Clearly, I passed out, because the next thing I knew, I was lying on his bed, completely naked.  Immediately, I blacked out again.  Then, in a fleeting moment, I became aware he was having sex with my body.  Unable to move or speak, I was certainly unable to give consent.  Straightaway, I was unconscious once more.

When I awoke, sober, it was obvious that he was terribly pleased with the events that had transpired.  I told him that it was not very nice; that I had been very drunk.  He said it had happened very naturally and that he did not regret it.  It was evident he had not used a condom.

I did not tell anyone.  “Drunk Girl Loses Virginity” was not exactly headline news.  It was then, and still is now, an all-too-common circumstance.  I had not been physically injured and did not feel emotionally traumatized.  In all honesty, the idea that anyone should care about my wishes and feelings, or what happened to me, had never been properly implanted in my brain.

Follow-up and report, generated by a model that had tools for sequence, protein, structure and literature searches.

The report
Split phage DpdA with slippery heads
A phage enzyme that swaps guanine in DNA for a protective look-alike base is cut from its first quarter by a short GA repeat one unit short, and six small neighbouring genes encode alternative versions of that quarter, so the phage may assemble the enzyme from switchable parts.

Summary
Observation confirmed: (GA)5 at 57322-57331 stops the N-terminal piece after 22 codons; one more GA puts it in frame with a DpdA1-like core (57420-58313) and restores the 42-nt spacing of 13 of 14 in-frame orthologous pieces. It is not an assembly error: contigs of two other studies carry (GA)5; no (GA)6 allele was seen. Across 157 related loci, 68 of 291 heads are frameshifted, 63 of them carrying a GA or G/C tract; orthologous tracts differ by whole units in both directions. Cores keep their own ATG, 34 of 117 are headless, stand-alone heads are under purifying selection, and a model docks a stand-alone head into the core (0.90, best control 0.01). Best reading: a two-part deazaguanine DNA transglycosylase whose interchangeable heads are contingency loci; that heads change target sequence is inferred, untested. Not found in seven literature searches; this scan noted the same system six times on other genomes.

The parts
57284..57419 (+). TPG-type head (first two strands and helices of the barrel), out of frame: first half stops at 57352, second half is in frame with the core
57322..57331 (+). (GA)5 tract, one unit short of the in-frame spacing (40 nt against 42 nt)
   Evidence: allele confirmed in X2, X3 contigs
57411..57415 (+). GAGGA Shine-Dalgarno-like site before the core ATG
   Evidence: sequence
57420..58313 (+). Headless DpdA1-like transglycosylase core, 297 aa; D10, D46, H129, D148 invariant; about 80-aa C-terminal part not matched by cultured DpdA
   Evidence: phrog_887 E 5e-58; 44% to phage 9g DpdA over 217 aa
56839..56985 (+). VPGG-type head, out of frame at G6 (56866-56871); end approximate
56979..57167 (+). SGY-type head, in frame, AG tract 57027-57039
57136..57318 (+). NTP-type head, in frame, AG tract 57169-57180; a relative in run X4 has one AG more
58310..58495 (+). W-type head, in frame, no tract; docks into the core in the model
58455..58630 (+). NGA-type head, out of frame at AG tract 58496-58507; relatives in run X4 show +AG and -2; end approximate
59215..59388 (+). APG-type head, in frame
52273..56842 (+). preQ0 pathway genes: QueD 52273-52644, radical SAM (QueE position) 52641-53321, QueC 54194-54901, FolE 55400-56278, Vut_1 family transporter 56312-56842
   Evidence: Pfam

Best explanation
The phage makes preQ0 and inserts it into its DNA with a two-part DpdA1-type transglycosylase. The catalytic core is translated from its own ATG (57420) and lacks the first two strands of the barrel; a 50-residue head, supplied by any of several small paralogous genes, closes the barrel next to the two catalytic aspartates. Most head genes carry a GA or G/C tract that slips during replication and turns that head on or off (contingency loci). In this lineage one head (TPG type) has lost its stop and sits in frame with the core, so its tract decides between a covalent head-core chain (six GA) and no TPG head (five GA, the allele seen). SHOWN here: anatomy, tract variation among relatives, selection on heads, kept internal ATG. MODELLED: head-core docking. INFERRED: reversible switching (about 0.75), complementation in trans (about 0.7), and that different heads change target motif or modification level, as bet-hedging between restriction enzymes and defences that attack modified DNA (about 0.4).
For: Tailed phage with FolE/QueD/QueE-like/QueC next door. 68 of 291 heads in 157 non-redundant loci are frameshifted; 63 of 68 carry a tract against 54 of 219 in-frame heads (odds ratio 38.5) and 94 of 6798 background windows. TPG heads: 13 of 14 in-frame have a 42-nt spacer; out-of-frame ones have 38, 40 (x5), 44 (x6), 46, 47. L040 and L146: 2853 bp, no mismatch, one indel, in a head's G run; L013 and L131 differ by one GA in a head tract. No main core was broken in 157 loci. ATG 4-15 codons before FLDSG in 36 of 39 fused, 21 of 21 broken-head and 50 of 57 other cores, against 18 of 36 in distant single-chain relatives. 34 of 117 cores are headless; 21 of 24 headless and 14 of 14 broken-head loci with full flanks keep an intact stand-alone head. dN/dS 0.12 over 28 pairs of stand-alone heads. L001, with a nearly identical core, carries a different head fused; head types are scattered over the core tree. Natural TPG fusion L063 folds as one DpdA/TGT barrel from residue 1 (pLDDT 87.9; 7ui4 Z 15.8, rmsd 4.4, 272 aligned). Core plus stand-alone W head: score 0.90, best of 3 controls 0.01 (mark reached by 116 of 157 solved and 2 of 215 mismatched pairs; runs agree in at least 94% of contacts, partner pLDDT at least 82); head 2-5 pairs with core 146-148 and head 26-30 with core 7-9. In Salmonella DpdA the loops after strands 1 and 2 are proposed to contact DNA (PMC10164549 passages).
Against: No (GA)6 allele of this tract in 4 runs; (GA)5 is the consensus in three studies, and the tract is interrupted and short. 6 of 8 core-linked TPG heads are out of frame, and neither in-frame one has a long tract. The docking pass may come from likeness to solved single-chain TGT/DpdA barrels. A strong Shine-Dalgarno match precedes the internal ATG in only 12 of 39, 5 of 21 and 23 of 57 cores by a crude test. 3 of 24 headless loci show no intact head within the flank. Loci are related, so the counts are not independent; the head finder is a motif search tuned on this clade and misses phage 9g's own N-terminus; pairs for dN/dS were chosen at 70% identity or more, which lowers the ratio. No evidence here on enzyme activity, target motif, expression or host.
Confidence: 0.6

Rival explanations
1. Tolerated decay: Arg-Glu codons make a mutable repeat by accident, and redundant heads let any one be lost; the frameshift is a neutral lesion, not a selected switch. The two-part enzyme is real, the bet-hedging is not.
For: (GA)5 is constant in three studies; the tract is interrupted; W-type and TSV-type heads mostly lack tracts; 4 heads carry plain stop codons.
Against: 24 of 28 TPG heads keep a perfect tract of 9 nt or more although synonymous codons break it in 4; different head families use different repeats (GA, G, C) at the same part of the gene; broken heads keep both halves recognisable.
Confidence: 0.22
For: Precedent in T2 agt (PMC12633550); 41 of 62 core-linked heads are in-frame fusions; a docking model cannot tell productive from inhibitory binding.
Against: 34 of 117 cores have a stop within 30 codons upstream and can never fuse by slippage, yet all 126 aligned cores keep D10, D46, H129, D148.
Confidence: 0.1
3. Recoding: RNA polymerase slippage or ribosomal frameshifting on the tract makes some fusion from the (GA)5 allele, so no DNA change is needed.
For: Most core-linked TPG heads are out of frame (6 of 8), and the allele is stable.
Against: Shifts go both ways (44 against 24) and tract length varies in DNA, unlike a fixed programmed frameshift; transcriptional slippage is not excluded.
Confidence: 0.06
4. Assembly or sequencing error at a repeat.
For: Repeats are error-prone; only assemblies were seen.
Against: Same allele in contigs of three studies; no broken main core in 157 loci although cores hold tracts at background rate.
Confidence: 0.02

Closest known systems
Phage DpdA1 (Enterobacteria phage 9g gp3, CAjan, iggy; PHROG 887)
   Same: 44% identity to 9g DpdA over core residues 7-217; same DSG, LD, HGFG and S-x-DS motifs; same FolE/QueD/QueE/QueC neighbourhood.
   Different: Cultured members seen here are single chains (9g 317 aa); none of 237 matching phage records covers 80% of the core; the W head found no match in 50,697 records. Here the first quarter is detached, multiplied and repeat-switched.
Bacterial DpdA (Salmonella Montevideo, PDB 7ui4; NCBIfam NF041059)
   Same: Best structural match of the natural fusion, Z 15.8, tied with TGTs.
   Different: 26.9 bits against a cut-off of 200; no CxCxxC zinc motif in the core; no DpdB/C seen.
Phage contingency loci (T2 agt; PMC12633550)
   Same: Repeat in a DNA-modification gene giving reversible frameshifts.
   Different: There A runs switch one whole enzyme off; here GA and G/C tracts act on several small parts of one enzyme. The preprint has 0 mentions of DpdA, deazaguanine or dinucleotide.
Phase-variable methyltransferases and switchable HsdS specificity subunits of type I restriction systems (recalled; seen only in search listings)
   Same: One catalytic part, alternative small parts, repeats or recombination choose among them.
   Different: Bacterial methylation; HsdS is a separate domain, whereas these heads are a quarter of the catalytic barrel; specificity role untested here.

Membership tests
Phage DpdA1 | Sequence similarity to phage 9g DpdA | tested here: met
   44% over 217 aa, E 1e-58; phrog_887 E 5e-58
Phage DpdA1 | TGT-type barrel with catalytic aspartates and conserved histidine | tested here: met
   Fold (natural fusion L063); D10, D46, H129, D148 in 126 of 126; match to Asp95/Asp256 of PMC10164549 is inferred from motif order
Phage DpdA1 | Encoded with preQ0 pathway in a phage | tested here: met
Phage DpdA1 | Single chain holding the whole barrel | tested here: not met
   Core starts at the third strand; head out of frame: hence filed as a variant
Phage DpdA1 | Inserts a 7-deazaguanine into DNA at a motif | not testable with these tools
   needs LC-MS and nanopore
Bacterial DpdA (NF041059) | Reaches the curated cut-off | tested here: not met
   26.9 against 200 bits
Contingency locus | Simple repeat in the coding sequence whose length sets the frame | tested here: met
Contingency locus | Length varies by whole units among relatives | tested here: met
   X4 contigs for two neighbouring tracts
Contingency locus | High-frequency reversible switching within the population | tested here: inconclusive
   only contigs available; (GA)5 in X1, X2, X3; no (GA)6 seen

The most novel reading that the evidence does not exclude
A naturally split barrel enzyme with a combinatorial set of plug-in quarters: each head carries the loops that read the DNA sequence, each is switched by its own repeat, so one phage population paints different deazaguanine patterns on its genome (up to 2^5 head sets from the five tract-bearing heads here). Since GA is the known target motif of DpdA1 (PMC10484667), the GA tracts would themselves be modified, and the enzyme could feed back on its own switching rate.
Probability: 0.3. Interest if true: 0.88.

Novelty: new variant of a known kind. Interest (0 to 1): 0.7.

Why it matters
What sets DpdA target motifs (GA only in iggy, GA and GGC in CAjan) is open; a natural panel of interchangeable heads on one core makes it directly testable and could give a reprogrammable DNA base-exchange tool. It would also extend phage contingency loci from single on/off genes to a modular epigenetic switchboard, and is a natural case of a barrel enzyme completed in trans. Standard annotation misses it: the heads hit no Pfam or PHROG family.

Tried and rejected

With maturity, of course, I came to understand that I should have reported the incident.  Not for any personal vindication; back then, even the most violent rape cases were seldom given appropriate attention.  But because so much as a minor reprimand from some independent authority might have made him think twice about his actions and possibly saved some other young woman from the same fate.

Obviously, it doesn’t take a Sigmund Freud to appreciate my aggravation at the all-too-prevalent attitude among the public of accepting such student-on-student sexual attack as merely “kids being kids”.

Or, for that matter, my abhorrence at an American president who boasts of his own history of sexually harassing and violating women, including teenage girls.  Not to mention, my scorn for a Secretary of Education who promises to pare protections for students who suffer sexual abuse.

Recently, I asked a high school student who works at my gym to share her thoughts about the rampant sexual assault plaguing our community’s educational centers.  She feels the only realistic hope for prevention lies in the values that parents teach to their sons.

Based on the standards of behavior expressed by so many of our local fathers and mothers, I am not optimistic.

© 2017 Jaclyn Schrier. All rights reserved.